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Why You Should Follow: A good bodybuilding coach knows how to think outside the box. The basics will take you pretty far in the muscle-building game, but at a certain point, you may want to broaden your horizons while also remaining firmly grounded. Australia-based coach and trainer Eugene Teo has carved out a niche in the social media ecosystem for his ability to condense large, complicated topics into digestible explanations.

Moreover, Teo loves to introduce, prescribe, and explain exotic or uncommon exercises without overhyping them as the “next big thing.” Despite being a bodybuilding competitor himself, Teo, by his own admission, is focused squarely on helping the everyday gymgoer move and feel better.

Where To Find Them: Teo produces content for Instagram (@coacheugeneteo) and YouTube (under the same handle). If you want him to guide your training from start to finish, you may consider giving his Ganbaru Method app a go.

13. Jonni Shreve (@JonniShreve)

[Related: The Best Bodybuilding Exercises To Cheat Your Form On]

Why You Should Follow: Bodybuilding isn’t as straightforward as sports like powerlifting or Olympic lifting. There’s an artistry and instinct to building muscle that makes it extra valuable to digest information from various sources. Bodybuilding content creator Jonni Shreve serves up a little bit of everything, but his bread and butter is putting a fresh spin on your favorite bodybuilding exercises with actionable tips and shrewd advice.

Where To Find Them: Shreve cranks out a lot of high-quality content on YouTube @JonniShreve. If you’re on Instagram, look for him there @jonnishreveofficial.

14. Ryan VanNieuwenhuyze (@thebarbelldoc)

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A post shared by Ryan VanNieuwenhuyze, DPT | Pain Relief for Lifters and Athletes (@thebarbelldoc)

[Related: Everything You Need To Know About Muscle Recovery]

Why You Should Follow: Many physiotherapists don’t know how to properly treat strength training-related injuries. While the advice is well-intentioned, you’re also fairly likely to be told by a medical doctor that heavy strength training is dangerous. Fortunately, there’s a growing collection of medical professionals who actually lift — and Dr. VanNieuwenhuyze is the cream of that crop.

The Barbell Doc is a licensed Doctor of Physical Therapy whose clinical practice focuses squarely on caring for lifting and sports-related ailments. His prescriptions aren’t about sidelining you for months of wishy-washy rehab; it’s about getting you back under the barbell quickly and, more importantly, safely.

Where To Find Them: If you’re based in Connecticut, you may want to pay a visit to Barbell Physical Therapy & Performance in person. If not, check out Dr. VanNieuwenhuyze on Instagram @thebarbelldoc.

15. Mitchell Hooper (@mitchellhooper)

[Related: Every Winner of the World’s Strongest Man Competition]

Why You Should Follow: Canadian strongman Mitchell Hooper burst onto the scene only a few years ago and rapidly ascended to the top of the sport, winning its most prestigious title in 2023. Since then, Hooper has been on a rampage online, rapidly expanding his brand and social media channels.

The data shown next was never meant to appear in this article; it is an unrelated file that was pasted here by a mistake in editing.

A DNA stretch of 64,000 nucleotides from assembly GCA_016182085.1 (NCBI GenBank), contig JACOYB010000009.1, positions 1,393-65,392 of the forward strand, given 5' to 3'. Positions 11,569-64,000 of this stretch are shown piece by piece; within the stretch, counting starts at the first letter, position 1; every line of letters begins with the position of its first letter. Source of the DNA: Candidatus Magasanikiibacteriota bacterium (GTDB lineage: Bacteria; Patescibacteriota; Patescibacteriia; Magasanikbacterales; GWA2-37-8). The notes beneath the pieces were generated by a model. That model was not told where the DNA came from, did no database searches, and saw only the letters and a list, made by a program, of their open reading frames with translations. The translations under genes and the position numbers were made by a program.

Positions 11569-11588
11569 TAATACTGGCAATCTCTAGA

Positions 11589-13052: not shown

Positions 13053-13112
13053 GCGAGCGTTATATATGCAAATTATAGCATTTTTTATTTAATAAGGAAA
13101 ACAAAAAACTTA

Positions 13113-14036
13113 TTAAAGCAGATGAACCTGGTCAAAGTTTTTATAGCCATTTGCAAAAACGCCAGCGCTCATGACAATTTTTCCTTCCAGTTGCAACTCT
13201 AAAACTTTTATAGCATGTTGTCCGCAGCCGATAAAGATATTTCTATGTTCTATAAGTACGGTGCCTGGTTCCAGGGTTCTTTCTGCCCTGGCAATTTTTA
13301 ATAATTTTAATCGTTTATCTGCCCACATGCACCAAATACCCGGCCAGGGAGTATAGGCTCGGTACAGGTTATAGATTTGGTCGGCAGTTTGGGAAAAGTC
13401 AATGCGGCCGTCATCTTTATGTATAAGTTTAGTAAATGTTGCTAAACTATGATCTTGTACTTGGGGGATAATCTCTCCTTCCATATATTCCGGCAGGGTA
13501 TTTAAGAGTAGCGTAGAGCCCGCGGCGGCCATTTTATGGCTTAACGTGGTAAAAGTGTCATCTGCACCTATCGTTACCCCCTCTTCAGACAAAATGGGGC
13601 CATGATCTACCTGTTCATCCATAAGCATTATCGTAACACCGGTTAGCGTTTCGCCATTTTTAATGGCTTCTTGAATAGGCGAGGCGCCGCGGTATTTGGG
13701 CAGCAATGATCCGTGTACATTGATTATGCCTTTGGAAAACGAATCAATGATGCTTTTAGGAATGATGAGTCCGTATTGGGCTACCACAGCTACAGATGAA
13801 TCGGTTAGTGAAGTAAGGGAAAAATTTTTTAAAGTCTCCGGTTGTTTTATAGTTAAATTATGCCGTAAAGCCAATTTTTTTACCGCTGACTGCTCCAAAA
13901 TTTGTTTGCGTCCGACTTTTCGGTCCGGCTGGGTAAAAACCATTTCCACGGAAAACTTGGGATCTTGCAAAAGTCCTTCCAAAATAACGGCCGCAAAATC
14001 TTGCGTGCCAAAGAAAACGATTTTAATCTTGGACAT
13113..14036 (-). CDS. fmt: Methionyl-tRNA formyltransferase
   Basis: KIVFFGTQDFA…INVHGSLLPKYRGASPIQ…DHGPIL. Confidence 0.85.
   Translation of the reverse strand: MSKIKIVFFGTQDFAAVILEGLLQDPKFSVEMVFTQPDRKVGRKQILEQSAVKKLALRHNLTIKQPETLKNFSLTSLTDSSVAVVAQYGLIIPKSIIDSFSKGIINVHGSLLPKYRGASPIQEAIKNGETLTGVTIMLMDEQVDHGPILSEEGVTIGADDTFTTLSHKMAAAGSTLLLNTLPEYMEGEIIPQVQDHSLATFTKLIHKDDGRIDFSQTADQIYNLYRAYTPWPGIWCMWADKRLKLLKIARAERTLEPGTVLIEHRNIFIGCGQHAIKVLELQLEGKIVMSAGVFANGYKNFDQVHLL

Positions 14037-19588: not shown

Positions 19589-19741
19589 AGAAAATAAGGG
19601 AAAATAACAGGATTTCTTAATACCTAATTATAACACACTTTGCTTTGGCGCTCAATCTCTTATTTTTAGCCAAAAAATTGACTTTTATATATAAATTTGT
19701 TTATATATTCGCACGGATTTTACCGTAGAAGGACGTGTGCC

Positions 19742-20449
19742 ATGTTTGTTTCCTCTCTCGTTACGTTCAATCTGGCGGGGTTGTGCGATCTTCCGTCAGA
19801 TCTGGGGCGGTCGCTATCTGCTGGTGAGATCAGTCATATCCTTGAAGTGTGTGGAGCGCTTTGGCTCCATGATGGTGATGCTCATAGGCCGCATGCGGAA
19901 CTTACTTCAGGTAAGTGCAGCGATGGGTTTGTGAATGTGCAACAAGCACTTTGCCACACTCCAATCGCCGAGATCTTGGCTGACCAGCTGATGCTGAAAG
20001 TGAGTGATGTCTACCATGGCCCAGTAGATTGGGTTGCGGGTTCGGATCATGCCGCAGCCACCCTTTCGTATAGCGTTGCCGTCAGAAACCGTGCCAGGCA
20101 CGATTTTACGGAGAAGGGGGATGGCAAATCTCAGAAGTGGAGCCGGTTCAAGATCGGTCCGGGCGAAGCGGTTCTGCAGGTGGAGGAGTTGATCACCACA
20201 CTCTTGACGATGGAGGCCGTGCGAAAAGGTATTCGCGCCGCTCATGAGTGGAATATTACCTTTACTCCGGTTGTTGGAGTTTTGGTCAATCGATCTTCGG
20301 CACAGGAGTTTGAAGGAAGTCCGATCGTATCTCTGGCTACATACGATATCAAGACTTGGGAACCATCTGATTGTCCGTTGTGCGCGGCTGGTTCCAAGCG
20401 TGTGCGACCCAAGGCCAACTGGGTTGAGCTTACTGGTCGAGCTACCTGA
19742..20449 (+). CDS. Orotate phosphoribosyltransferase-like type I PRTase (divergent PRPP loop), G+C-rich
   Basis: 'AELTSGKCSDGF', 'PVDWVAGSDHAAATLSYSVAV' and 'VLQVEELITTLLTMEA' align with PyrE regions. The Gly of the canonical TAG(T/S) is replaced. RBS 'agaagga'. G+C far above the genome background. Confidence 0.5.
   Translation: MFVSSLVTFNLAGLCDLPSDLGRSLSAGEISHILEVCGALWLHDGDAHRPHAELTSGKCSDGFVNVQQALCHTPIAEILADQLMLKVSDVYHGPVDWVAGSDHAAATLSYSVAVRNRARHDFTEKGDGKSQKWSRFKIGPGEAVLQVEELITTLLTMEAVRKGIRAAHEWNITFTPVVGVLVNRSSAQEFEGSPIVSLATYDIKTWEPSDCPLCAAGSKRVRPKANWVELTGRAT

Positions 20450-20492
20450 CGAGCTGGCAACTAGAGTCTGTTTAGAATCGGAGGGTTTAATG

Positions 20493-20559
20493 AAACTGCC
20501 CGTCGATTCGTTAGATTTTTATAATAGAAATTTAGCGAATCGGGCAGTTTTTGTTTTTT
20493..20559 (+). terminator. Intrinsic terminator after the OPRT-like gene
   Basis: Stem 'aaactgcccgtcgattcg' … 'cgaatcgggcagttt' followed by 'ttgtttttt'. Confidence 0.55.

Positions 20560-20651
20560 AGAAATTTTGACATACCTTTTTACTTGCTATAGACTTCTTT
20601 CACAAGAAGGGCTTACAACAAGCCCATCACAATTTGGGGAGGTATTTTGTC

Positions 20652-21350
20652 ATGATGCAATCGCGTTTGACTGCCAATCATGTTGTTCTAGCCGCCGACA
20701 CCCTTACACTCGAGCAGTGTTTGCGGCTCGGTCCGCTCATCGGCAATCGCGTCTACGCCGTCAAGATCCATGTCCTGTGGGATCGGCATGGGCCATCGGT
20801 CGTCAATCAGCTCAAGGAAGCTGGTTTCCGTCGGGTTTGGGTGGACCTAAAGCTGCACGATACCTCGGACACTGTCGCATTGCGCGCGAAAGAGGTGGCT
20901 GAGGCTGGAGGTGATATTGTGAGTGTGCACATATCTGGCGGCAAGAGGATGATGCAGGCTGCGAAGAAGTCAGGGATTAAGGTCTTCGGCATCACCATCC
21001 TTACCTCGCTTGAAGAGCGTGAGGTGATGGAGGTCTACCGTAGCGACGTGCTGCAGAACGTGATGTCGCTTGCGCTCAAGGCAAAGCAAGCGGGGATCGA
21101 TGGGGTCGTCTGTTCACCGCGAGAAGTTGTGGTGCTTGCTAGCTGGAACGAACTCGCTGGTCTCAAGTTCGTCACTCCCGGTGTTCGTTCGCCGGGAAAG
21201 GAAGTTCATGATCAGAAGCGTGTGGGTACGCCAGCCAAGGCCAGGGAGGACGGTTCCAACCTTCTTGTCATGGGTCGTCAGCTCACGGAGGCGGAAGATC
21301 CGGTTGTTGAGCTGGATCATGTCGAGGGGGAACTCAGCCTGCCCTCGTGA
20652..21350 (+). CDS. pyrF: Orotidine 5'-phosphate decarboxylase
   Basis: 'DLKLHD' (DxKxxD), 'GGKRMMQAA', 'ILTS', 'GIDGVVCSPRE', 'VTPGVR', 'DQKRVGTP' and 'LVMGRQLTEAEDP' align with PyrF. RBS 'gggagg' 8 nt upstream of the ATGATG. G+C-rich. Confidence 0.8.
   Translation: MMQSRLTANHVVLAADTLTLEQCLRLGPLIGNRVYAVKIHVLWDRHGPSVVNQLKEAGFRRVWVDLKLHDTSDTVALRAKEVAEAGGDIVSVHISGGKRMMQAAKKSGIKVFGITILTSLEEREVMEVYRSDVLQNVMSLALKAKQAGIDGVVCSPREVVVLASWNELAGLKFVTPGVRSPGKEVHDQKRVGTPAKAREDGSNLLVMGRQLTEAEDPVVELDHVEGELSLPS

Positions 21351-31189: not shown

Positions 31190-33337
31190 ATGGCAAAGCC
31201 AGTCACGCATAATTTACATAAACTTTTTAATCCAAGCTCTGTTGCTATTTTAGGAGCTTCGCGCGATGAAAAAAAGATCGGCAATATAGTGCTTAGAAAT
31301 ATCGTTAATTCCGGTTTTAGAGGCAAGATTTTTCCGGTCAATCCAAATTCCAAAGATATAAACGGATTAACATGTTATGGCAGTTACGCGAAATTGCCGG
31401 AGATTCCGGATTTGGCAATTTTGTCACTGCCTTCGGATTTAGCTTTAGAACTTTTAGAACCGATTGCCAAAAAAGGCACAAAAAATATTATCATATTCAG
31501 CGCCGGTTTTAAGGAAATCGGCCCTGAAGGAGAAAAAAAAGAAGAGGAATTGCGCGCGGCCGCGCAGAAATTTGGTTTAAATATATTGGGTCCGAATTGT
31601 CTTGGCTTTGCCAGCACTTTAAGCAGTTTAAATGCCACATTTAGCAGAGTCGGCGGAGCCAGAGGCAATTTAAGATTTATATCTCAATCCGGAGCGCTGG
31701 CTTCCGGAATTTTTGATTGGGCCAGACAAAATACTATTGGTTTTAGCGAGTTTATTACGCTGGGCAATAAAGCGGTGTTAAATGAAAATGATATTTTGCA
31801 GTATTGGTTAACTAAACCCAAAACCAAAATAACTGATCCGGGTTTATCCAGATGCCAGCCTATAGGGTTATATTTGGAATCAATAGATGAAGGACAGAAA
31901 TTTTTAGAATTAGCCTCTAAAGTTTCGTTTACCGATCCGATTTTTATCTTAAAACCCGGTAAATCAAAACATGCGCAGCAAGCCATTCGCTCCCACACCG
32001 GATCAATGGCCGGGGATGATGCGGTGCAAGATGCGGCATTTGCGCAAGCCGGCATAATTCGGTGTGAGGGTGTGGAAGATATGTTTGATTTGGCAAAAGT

He’s still training hard, but his followers can also watch him undertake various challenges, experiment with different sports, and even see how many fourth-graders it takes to beat the strongest man in the world in tug-of-war.

Where To Find Them: Hooper is making a big push on his YouTube channel, @mitchellhooperstrongman. You can also find him on Instagram @mitchellhooper.

16. Fergus Crawley (@ferguscrawley)

[Related: How To Balance Running & Strength Training, No Matter Your Goals]

Why You Should Follow: Hybrid training is so in right now. The hybrid craze is all about balancing heavy-duty lifting with distance running or another form of vigorous cardio. However, it’s much easier if you have someone guiding you along the way.

Fergus Crawley’s achievements as an athlete speak for themselves. He’s famous for feats like running a 5:16 mile at over 200 pounds of body weight, plus doing a sub-12-hour triathlon and hitting a 1,200-pound powerlifting Total (the cumulative 1-rep max back squat, bench press, and deadlift) in the same day.

But Crawley doesn’t keep his training methodology secretive; he’s more than happy to explain the ins and outs of hybrid training and teach you how to use your body to its fullest potential.

Where To Find Them: Crawley mainly produces content on Instagram and YouTube. You can find him on Insta @ferguscrawley, and on the ‘Tube @ferguscrawley95.

17. Andy Chen (@dr.andychen)

[Related: How to Safely Train Legs if You Have a Back Injury]

Why You Should Follow: Based in the Big Apple, Dr. Andy Chen’s credentials run almost as long as 5th Avenue itself. Chen is a Personal Trainer, Doctor of Physical Therapy, certified kettlebell instructor, and more. But more than anything, Chen is a healthcare professional dedicated to treating chronic sport-related injuries and getting his clients off the bench and back into the game.

Chen provides clinical services both remotely and in-person and, on the ‘Gram, spends his time communicating with followers on all things related to body and barbell. Sure, Andy can probably fix that nagging hip you’ve been ignoring, but he can also teach you how to optimize your row form on back day and make better muscle gains because of it.

Where To Find Them: Dr. Chen is responsive on Instagram @dr.andychen. His practice, @moment.ptp, provides consultations virtually and has offices in Soho and Long Island City.

Featured Image: Starstuff / Shutterstock